Buoyed by the success of its water-conservation programme for dyeing units in Ludhiana, the Punjab Pollution Control Board (PPCB) now plans to extend the programme to units in Amritsar, Jalandhar, Dera Bassi and Phagwara.
Under its Green Governance Programme, PPCB has made dyeing units to use water-saving techniques and successfully saved 50-lakh litres of water a day. The programme was launched in the city on June 27, 2013, after the Central Ground Water Authority (CGWA) declared Ludhiana as a critical zone. Groundwater in Ludhiana has been depleting at a rate of 1.08 metre every year and industry is one of the major reasons for this.
So far, of the 280 dyeing units in Ludhiana, PPCB has persuaded 70 to take measures to save water.
PPCB chairman Ravinder Singh said at least 125-lakh litres of water would be saved daily in the next six months in the dyeing industry. "A lot of water is wasted in dyeing and paper industry. By introducing infrastructural changes at units, we have so far been able to help units save 25-30% of water being used by them. The model will be replicated across Punjab, so that we can at least save our state's water table from depleting," he said.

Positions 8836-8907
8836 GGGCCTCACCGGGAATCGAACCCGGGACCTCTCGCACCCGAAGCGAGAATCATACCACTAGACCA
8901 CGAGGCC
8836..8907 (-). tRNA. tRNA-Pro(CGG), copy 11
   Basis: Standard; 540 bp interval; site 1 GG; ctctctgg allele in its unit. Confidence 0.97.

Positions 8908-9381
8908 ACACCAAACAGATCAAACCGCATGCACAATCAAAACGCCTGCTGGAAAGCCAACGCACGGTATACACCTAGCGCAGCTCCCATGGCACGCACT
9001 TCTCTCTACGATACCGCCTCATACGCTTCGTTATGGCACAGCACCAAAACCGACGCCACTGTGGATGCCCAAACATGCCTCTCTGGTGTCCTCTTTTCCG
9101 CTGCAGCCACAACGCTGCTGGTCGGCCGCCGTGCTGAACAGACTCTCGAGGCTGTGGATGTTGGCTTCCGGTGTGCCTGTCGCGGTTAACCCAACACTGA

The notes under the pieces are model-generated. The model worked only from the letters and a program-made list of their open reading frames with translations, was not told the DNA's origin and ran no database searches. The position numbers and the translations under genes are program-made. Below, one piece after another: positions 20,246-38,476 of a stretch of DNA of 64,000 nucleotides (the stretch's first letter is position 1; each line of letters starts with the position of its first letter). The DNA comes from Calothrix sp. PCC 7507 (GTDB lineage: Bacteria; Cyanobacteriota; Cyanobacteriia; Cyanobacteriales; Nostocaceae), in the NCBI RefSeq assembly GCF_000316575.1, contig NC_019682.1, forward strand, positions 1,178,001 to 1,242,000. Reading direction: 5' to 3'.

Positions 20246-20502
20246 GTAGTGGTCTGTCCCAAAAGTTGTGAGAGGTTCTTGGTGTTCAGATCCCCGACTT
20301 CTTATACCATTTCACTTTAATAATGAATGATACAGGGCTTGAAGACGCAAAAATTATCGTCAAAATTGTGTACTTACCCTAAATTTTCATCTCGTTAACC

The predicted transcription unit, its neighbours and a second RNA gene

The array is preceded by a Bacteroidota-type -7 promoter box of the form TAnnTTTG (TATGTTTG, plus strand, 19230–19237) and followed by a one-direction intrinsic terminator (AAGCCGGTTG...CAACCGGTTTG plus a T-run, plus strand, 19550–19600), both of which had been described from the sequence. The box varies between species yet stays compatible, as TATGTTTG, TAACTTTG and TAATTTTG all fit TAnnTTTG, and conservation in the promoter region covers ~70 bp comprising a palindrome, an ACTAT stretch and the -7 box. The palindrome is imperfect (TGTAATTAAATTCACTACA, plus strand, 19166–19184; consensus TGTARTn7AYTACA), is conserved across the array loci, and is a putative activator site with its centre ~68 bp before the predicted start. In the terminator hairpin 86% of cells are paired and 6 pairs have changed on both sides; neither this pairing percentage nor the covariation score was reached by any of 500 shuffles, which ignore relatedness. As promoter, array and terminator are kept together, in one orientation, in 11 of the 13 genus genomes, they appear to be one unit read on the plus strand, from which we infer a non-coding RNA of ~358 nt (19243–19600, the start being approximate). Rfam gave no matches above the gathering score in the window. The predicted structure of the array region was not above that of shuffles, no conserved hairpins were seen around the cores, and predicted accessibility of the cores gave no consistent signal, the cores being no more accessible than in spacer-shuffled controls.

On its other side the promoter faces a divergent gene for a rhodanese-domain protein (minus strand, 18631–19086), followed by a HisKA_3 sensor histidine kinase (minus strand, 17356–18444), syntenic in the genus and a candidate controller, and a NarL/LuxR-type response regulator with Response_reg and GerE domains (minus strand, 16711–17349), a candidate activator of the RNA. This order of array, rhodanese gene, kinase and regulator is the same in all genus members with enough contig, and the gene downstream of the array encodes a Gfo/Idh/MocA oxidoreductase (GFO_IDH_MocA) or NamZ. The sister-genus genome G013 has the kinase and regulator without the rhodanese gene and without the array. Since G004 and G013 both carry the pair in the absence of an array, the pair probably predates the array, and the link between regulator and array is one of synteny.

A special cell for educating the industry has also been created in Ludhiana and would be extended to other cities of the state. Rajat Sood, general secretary of Ludhiana Dyeing Association, said industry had benefited from the project. "Unit owners were educated and asked to adopt modern techniques. We are getting positive results," said Sood.
PPCB'S SUCCESS FORMULA
To help dyeing units save water, steam and water used in the dyeing and paper industry are now saved and reused.
RK Ratra, the PPCB executive engineer (XEN) who is overseeing the project, said, "Now, the steam is collected in containers and is converted into hot water, so that it is again used. On the other hand, water that was wasted in other jobs in the dyeing industry is also collected in tanks and used again."
At the 70 units that have availed the programme, special pipes and pumps were installed as part of the first phase of the project and the cost of these was recovered within six months. Under the second phase, which is yet to be launched, machines that use less water would be installed at the units. "The steps also save fuel used in boilers and stop environmental degradation. The process would also lessen sludge that is produced in dyeing industry" said Ratra.